Introduction to Multilayer Neural Networks with TensorFlow’s Keras API

Introduction to Multilayer Neural Networks with TensorFlow’s Keras API

Introduction to Multilayer Neural Networks with TensorFlow’s Keras API - Learn how to build and train a multilayer perceptron using TensorFlow’s high-level API Keras!

Introduction to Multilayer Neural Networks with TensorFlow’s Keras API - Learn how to build and train a multilayer perceptron using TensorFlow’s high-level API Keras!

The development of Keras started in early 2015. As of today, it has evolved into one of the most popular and widely used libraries built on top of Theanoand TensorFlow. One of its prominent features is that it has a very intuitive and user-friendly API, which allows us to implement neural networks in only a few lines of code.

Keras is also integrated into TensorFlow from version 1.1.0. It is part of the contrib module (which contains packages developed by contributors to TensorFlow and is considered experimental code).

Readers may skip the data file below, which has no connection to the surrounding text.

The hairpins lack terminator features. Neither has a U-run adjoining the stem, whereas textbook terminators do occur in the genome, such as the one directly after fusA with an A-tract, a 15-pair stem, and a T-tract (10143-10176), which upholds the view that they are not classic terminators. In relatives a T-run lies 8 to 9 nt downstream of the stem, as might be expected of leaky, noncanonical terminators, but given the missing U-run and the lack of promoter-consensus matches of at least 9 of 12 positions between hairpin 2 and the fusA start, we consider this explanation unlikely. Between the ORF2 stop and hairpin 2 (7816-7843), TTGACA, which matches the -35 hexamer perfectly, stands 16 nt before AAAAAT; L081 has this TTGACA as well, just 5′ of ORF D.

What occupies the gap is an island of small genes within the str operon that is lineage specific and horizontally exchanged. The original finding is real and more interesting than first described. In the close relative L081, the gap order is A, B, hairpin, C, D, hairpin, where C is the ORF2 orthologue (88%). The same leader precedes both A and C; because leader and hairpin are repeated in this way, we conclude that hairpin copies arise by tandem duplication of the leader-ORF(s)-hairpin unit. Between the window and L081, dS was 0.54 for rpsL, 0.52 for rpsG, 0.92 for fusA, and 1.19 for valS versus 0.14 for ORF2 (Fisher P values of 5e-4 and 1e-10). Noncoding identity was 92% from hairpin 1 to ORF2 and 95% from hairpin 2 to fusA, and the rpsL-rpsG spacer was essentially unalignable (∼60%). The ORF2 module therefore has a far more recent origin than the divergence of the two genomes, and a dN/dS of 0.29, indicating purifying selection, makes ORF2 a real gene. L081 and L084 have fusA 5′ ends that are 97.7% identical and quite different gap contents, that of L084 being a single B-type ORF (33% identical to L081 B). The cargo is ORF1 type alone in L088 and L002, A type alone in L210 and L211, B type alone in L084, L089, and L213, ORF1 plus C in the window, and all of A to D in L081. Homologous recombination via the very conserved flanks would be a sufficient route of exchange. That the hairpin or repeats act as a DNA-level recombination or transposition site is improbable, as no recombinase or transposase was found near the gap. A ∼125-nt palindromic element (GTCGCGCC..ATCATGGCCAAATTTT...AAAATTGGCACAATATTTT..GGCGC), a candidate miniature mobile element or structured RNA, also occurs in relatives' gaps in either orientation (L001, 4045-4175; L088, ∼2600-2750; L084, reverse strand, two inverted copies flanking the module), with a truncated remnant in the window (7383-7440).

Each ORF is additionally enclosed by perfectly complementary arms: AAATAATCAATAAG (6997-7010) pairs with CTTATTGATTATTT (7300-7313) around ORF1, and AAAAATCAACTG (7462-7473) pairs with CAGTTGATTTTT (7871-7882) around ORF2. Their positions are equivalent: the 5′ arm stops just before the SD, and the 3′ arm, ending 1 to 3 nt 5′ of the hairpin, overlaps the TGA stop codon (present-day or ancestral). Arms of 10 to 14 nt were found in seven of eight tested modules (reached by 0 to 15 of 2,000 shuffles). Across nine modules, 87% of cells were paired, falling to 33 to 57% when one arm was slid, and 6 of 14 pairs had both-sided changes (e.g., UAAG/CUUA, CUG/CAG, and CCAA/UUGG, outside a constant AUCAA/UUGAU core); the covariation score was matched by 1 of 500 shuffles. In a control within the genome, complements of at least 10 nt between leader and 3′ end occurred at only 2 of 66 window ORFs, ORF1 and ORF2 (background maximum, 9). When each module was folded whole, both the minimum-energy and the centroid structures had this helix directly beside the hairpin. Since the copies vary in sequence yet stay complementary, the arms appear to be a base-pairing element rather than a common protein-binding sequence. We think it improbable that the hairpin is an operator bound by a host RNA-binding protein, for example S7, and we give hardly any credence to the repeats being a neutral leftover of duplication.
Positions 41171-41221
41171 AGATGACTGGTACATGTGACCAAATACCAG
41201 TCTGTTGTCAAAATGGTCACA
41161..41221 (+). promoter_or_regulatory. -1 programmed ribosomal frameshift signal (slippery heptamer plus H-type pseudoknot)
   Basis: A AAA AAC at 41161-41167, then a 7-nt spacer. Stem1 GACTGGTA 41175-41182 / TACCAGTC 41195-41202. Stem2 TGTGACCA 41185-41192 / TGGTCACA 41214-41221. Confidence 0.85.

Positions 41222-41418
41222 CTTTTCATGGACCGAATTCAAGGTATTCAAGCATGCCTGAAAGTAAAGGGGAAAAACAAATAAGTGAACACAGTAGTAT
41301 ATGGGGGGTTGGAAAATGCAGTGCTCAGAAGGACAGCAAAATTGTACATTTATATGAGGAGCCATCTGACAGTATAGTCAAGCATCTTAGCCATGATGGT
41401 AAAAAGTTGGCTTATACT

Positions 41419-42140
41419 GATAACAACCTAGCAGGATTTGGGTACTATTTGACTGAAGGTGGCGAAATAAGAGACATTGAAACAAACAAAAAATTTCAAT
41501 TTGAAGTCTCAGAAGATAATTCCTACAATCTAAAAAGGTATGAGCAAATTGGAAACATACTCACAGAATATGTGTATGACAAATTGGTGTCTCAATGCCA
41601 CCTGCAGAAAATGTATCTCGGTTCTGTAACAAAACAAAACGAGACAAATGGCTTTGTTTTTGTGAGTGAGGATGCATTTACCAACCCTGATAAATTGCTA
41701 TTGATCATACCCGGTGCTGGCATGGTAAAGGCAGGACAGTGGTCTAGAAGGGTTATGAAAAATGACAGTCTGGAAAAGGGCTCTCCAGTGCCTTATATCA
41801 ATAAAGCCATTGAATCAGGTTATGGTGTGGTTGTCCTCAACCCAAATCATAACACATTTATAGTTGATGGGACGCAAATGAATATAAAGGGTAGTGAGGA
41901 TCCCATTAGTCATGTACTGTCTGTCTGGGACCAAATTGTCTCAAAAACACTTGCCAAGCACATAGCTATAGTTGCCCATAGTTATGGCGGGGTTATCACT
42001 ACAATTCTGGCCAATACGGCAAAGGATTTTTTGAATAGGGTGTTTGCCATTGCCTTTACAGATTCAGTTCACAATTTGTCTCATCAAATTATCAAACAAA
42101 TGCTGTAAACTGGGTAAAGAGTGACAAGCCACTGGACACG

In this tutorial we will look at this high-level TensorFlow API by walking through:

  • The basics of feedforward neural networks
  • Loading and preparing the popular MNIST dataset
  • Building an image classifier
  • Train a neural network and evaluate its accuracy

Let’s get started!

This tutorial is adapted from Part 4 of Next Tech’s Python Machine Learningseries, which takes you through machine learning and deep learning algorithms with Python from 0 to 100. It includes an in-browser sandboxed environment with all the necessary software and libraries pre-installed, and projects using public datasets. You can get started for free here!

Multilayer Perceptrons

Multilayer feedforward neural networks are a special type of fully connectednetwork with multiple single neurons. They are also called Multilayer Perceptrons (MLP). The following figure illustrates the concept of an MLP consisting of three layers: